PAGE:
Following are excerpts from an interview with the executioner for Mecca, Abdallah Al-Bishi, which aired on LBC TV on November 4, 2006.
Reporter: This is the most renowned executioner in Saudi Arabia, Abdallah Bin Sa'id Al-Bishi, who carries out the executions. His sword delineates the border between seriousness and play. There is no negotiating with him, once the heads have ripened. When it's harvesting time, he is the most suited for the job.
Abdallah Al-Bishi: I started to work in this field after the death of my father – about a week or ten days after his death, in 1412 [1991-92]. I was surprised that the people who supervise this field summoned me, saying I had a mission. Allah be praised. Of course, I did not have swords or anything back then, but I used the swords of my father, may he rest in peace, and carried out the execution. My first mission was to execute three people.
Reporter: Abu Bader's swords have cut off a hundred heads and more. His eldest son, Badr, is training in the same profession. He inherited this profession from his father, Sa'id Al-Bishi. He remembers how, when still a small boy, he accompanied him to the beheading of a criminal in Mecca. That sight, Abu Badr says, was the turning point in his life.
Abdallah Al-Bishi: I was at school, and an execution was set for my father in Mecca. It was to take place in front of the King Abd Al-'Aziz Gate. Before all that happened at the Al-Haram Mosque, the executions were held there. We showed up. I was a little boy. The first thing that came to my mind when people talked about executions was the digestive system. I wanted to see it. At that time, we had an exam at school on the digestive system, and we had to explain about the digestive system and whatever... So I came along, and the moment my father executed the man, I ran to see the digestive system, but all I could see was the man's head flying, and where the neck used to be, there was a kind of well. It went down. That's it. I couldn't take it anymore. I woke up in the car on the way home. At night, I tried to go to sleep, but couldn't. I had nightmares, but only once. Then I got used to it, Allah be praised.
Reporter: He carries the memory of many events, which naturally could have an effect on people, but one sees that he relates to some of them with humor.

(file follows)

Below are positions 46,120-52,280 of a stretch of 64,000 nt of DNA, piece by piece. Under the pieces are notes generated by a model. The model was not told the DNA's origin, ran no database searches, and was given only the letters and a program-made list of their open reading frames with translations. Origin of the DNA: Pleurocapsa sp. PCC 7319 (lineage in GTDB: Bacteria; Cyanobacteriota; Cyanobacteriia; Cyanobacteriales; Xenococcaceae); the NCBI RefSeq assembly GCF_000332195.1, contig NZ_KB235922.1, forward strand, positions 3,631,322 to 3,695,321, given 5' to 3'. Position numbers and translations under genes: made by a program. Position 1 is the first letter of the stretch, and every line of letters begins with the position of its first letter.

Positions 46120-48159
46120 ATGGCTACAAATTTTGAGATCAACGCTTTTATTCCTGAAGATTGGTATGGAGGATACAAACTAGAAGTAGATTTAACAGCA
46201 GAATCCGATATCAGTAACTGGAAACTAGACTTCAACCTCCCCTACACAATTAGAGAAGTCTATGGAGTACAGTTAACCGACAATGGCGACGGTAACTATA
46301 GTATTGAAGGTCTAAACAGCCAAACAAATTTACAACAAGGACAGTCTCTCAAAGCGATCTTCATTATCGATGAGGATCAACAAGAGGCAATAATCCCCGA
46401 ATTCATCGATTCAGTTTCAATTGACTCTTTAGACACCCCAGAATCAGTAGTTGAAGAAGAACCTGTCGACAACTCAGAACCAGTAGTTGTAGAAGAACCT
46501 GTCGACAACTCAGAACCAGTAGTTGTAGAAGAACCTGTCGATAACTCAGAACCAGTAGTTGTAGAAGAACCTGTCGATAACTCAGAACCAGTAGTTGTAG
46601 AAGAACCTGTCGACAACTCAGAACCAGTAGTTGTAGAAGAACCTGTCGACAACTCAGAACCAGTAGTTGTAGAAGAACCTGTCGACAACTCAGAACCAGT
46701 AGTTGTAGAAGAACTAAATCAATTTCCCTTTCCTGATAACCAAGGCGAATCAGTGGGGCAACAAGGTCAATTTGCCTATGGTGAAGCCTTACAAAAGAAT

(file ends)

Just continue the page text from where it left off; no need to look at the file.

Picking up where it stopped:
He denies that the executioner is cruel. He considers himself one of the most compassionate people, and all the stories about him come from rumors.
Abdallah Al-Bishi: Let's start with "the Sultan." I began with this Sultan. This is the sword I used on my first day at work. This is an old sword. This is a "Jowhar" sword. All my swords are "Jowhar." "Jowhar" are the strongest swords used for beheadings. It is not affected by the number of people beheaded with it. It is made of strong iron, not the kind that breaks or anything.
This sword is also a Jowhar. Every sword, of course, is different in its own way, and is suited for its task. We have a sword – this "Qaridha," to be precise – which is used for vertical strokes. This stroke is, of course, different from the horizontal one. The horizontal stroke goes like this. These are different strokes.
Dr. Turki Al-Atyan, Saudi Interior Ministry psychologist: The rulings of the Shari'a – executions or other punishments decreed by Allah – are carried out by the sword, not by hanging or by gunfire. In the past, gunfire was used, and the victim's guardian was allowed to do the shooting, but out of the fear of possible injustice, Saudi Arabia decided that executions would be carried out by the sword.|
First TV host: Like we said at the beginning of the show, the executioner Abdallah Al-Bishi will be joining us shortly. He is delayed because he is busy carrying out an execution. He is coming to the show straight from work, and will be joining us soon.
There are several executioners in Saudi Arabia, but there are no accurate figures. According to the figures we obtained in our research, there are six executioners in Saudi Arabia, but there may be a few others. There are no accurate figures.
Second TV host: They operate in different regions. Sometimes Abdallah Al-Bishi is asked to travel to another region, to carry out an execution. We will talk to him about that, and about the young executioners he has trained.
First TV host: Do you cut off hands, or do you just do beheadings?